Twenty years ago an address in Earth City appeared in a story that I did about an EPA contractor with clear conflicts of interest. I uncovered that the testing lab partially owned by the company responsible for the Times Beach Superfund clean up had provided questionable testing results related to the site to the agency. Moreover, the name of the laboratory at 13715 Rider Trail North had changed, adding another layer of obfuscation to an already murky business. The previous operator of the lab at the same location had been convicted of fraud. In the 21st-Century, the name has changed again, but the address remains the same. Now the laboratory at the same address is called TestAmerica, and it is still doing environmental testing — except now it’s at the radioactively-contaminated West Lake Landfill site.
Aug. 26, 1996
by C.D. Stelzer
When IT Analytical Services merged with another company and became Quanterra Environmental Services in 1994, the nascent laboratory didn’t even bother to change the phone number. The newly formed company also remained at the same location, 13715 Rider Trail North, in a strip of innocuous one-story offices known as the Business Center in Earth City. The doors to the lab were locked last Saturday, and mirror windows made it impossible to see the interior.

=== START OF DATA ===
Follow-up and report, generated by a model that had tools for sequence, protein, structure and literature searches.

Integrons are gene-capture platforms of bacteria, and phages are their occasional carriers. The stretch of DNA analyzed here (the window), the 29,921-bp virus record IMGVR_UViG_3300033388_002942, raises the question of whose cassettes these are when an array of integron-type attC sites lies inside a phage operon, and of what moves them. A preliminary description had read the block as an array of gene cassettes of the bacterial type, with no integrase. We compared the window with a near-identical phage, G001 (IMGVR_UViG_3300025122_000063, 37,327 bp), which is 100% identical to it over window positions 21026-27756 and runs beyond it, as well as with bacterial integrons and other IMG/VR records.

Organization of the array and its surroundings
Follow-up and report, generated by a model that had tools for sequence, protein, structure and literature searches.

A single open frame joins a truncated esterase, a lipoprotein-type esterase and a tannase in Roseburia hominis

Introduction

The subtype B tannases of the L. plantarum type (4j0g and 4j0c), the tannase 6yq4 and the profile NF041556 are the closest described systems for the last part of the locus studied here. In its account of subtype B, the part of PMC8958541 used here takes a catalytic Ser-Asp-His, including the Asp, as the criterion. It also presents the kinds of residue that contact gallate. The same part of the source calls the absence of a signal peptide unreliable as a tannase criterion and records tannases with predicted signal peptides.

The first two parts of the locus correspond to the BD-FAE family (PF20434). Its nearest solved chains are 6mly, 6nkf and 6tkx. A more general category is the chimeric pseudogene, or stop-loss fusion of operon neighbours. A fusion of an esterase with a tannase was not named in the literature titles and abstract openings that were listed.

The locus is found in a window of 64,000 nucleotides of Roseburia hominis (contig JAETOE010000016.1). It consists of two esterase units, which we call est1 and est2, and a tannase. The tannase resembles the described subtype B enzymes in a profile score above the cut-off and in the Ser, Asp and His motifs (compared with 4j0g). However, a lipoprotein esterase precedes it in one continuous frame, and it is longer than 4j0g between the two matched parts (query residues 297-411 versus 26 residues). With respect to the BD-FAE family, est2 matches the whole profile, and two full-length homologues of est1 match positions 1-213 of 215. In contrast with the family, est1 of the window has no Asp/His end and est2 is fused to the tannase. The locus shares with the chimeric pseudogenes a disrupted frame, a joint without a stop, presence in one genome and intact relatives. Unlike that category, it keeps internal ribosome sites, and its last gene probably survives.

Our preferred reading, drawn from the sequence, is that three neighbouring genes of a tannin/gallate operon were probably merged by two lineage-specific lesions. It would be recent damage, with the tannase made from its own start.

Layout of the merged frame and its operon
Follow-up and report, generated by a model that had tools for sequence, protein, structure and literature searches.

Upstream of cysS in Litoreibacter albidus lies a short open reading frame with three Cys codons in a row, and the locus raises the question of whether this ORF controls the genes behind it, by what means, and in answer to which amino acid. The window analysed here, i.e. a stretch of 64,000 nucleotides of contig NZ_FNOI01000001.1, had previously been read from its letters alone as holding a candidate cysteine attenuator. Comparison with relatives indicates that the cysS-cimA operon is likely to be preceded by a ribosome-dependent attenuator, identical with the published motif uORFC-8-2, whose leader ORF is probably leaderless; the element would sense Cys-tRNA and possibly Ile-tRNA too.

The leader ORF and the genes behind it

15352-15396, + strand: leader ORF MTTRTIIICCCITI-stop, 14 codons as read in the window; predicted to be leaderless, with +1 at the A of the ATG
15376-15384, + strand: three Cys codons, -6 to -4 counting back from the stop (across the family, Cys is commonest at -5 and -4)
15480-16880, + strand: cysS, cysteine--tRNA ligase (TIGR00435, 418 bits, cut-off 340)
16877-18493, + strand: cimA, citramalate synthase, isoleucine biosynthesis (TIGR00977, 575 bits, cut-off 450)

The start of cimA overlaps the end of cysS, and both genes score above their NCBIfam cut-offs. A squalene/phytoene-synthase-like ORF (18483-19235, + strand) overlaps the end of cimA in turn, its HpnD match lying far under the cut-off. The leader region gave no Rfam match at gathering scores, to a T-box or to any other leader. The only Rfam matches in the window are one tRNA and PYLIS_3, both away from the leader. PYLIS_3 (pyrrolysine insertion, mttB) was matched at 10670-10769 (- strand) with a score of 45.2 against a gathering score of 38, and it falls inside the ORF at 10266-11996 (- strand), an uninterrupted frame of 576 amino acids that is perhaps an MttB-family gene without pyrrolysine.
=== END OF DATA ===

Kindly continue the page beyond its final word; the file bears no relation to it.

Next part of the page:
Corporation records at the Missouri secretary of state’s office in Jefferson City show that Quanterra was officially dissolved as a business in the state in late 1994. Nevertheless, the lab took part in important tests of stack emissions conducted in November 1995 at the Times Beach dioxin incinerator, an Environmental Protection Agency (EPA) Superfund cleanup near Eureka.
The test results assured the EPA, the Missouri Department of Natural Resources (DNR) and the public that the incinerator would operate safely. Based on these test results and other criteria, the DNR issued a requisite permit for the incinerator to operate earlier this year.
Despite the mirror windows at the lab and the smoke now flowing from the incinerator stacks, this much is clear: IT Analytical was owned by International Technology Corp. (IT), and Quanterra, its successor, is still partially controlled by IT — the builder and operator of the Times Beach dioxin incinerator.
IT, in turn, has a contract with Syntex, the corporation held liable for disposing of dioxin-contaminated soil at Times Beach and more than two dozen other sites in Eastern Missouri. In short, the lab involved in testing incinerator emissions is partly owned by the company that operates the incinerator.
Steve Taylor, an organizer for the Times Beach Action Group (TBAG), objected to the Quanterra-IT relationship in a meeting with high-level EPA officials last Wednesday night at the Hilton Hotel in Frontenac. Robert Martin, the ombudsman from the agency’s Washington, D.C., headquarters, chaired the meeting, which was attended by 15 citizens, an aide to U.S. Rep. Jim Talent (R-2nd) and two other EPA officals.